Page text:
"Hey! You're wearing an unusually high number of watches," said the tipsy guy at the top of the stairs at the baseball game.  I laughed and agreed without trying to explain. I was on day 7 of my ridiculous-looking experiment and he was the first person to state the obvious instead of just staring awkwardly.

The Experiment

I'd been an Apple Watch wearer for a little over a year when I found out at our annual Kickoff meeting in January that gap intelligence had generously purchased Fitbits for the entire office. I thought it might look a little odd to have two straps on my wrist, but I'm not exactly a slave to fashion so I joined in the challenge and starting occasionally wearing both devices so I could participate in gapU's February FitBit Challenge. It wasn't long before I started noticing differences in features and (because I, like most gappers, am a bit of a data geek) step counts. My curiousity grew even further when I talked to my husband about my observations and we realized that his Garmin was showing drastically different step counts than my devices when we went for walks as a family with our 6 month old baby. My blog for gap intelligence was right around the corner, so I decided it would be fun to wear all three devices on the same arm for a week and see how their data compared. To ensure that position on the wrist didn't skew the data I rotated their placement on my arm each day.

Michelle's wrist wearing three smart watches.

The Devices

In a perfect world, I'd have conducted research using products with comparable features and prices but this was more of an informal exploration than an official experiment. The devices I used were a 15 month old Apple Watch (Series 1), a brand new Fitbit Alta, and 15 month-old Garmin vívosmartHR. The list of features below is by no means exhaustive but it highlights some of the key similarities and differences that caught my attention.

Smart watch specifications.

*They each have different technical specs, but I differentiated on "Can I wear it in the shower without worrying about drowning it?"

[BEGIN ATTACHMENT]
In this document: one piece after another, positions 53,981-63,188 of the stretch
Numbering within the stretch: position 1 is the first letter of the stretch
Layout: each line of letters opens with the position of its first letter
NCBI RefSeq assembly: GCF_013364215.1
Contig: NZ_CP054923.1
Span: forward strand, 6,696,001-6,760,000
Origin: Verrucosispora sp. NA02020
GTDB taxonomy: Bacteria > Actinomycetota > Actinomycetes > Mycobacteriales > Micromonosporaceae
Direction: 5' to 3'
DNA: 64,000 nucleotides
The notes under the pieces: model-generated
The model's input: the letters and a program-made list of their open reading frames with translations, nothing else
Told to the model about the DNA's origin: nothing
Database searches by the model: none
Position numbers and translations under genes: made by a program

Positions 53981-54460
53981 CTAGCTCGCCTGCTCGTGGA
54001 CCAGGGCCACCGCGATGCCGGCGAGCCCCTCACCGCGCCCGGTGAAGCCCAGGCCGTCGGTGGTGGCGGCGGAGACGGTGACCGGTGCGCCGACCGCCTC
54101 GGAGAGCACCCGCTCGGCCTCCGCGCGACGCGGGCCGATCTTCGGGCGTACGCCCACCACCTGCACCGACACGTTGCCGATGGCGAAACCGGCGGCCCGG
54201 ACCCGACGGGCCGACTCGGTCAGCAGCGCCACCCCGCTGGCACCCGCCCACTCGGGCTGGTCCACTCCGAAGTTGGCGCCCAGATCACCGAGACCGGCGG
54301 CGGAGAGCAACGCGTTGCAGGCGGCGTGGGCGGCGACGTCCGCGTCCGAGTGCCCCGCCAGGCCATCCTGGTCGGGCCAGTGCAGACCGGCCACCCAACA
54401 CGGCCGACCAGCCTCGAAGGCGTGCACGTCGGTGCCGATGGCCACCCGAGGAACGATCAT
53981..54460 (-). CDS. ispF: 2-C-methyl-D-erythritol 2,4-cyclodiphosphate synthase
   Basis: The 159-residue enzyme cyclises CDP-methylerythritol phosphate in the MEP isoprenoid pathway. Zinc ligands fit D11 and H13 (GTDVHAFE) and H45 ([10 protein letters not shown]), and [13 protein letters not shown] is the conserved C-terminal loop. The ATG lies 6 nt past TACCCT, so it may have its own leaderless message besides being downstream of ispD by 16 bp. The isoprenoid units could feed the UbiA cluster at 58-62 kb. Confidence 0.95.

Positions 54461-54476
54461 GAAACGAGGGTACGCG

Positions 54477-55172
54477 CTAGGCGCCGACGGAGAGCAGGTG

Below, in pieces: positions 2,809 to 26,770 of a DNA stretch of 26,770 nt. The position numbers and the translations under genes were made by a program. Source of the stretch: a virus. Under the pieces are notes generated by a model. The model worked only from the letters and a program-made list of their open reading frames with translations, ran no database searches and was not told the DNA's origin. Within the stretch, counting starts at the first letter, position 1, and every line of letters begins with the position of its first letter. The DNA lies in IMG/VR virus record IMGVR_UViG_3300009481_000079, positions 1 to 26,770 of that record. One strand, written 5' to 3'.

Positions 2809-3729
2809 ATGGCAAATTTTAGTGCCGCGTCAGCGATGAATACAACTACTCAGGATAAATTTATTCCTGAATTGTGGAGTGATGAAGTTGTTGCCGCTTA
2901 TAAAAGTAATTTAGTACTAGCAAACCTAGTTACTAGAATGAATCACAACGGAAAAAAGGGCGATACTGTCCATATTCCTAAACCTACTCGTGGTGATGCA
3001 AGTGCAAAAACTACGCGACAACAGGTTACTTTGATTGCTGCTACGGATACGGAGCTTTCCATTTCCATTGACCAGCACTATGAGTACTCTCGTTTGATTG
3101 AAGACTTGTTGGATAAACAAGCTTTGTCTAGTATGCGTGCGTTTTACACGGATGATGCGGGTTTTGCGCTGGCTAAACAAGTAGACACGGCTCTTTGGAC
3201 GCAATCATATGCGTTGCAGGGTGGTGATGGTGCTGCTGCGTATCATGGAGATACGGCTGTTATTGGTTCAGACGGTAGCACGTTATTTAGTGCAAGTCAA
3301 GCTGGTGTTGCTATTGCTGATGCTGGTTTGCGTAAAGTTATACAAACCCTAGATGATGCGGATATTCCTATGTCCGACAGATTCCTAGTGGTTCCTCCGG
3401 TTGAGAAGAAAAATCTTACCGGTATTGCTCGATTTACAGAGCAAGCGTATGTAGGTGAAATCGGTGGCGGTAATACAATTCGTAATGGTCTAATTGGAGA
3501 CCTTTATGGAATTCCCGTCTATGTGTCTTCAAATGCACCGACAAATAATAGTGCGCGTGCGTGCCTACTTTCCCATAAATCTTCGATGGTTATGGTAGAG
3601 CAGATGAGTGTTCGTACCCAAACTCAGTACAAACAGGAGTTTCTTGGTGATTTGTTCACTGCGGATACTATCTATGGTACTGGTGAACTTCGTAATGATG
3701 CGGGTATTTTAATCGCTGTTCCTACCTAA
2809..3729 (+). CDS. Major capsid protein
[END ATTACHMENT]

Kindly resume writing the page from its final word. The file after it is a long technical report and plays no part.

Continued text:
** The max battery life as published by the manufacures.  As with my mobile phones over the years, my usage levels contribute to needing to charge more frequently.

A Few Observations

  • Know your audience. As a software product manager, I'm particularly sensitve to UX and feature prioritization challenges. The Garmin Connect app for iPhone advertises itself as simple, but it's anything but. They've crammed so much functionality into a mobile app that the navigation has become a maze. Without knowing what feature I care most about (sleep, exercise, general activity, etc.) they default to showing everything. They also give main navigation prominence to social tools even though I'm not digitally connected to any other Garmin users. Hiding in the navigation maze is the ability to turn off the "snapshots" I don't care about, but I'd have to spend a long time exploring and configuring to get it dialed in and even then I'm not sure I'd learn the app well enough to avoid wasting time looking for the updates I want. Garmin would greatly benefit from a redesign adopting best practices for progressive disclosure. A casual exerciser who is trying to adopt healthier habits doesn't care about the same data as a competitive triathlete, but Garmin offers both of these users the same app. The old adage is true: if you try to be everything to everyone you end up being nothing to anyone
  • Elegant isn't necessarily intuitive. Apple advertises all of its products as elegant and intuitve. I find the Apple Watch to be the most unique, beautiful and powerful of the three devices I experimented with but it's taken me months to get used to it. On the fitness tracking features, I'm almost embarrased to admit that it took me quite a while to figure out what I could see/do on the watch vs in the app on my phone. The takeaway:  no matter how intuitive you "think" your product is, a little tutorial or onboarding would probably go a long way.    
  • Snack-size servings of data are often just right. The FitBit dashboard gives quick, at-a-glance summaries of today's progress and a means to dig deeper into historical trends and hour-by-hour details. They do a great job of emphasizing the primary feature (step counting) and making all the secondary behavior modifcation coaching tools available but still secondary. We're working hard to apply these same principles to the ever-evolving design of the new gapintelligence.com dashboard that launched last fall. We'd love to hear from you to know which meals or snacks of our GFD are most interesting to you. Drop me a line at mmonaco@gapintelligence.com if you have ideas or recommendations for how we can make our dashboard more valuable to you.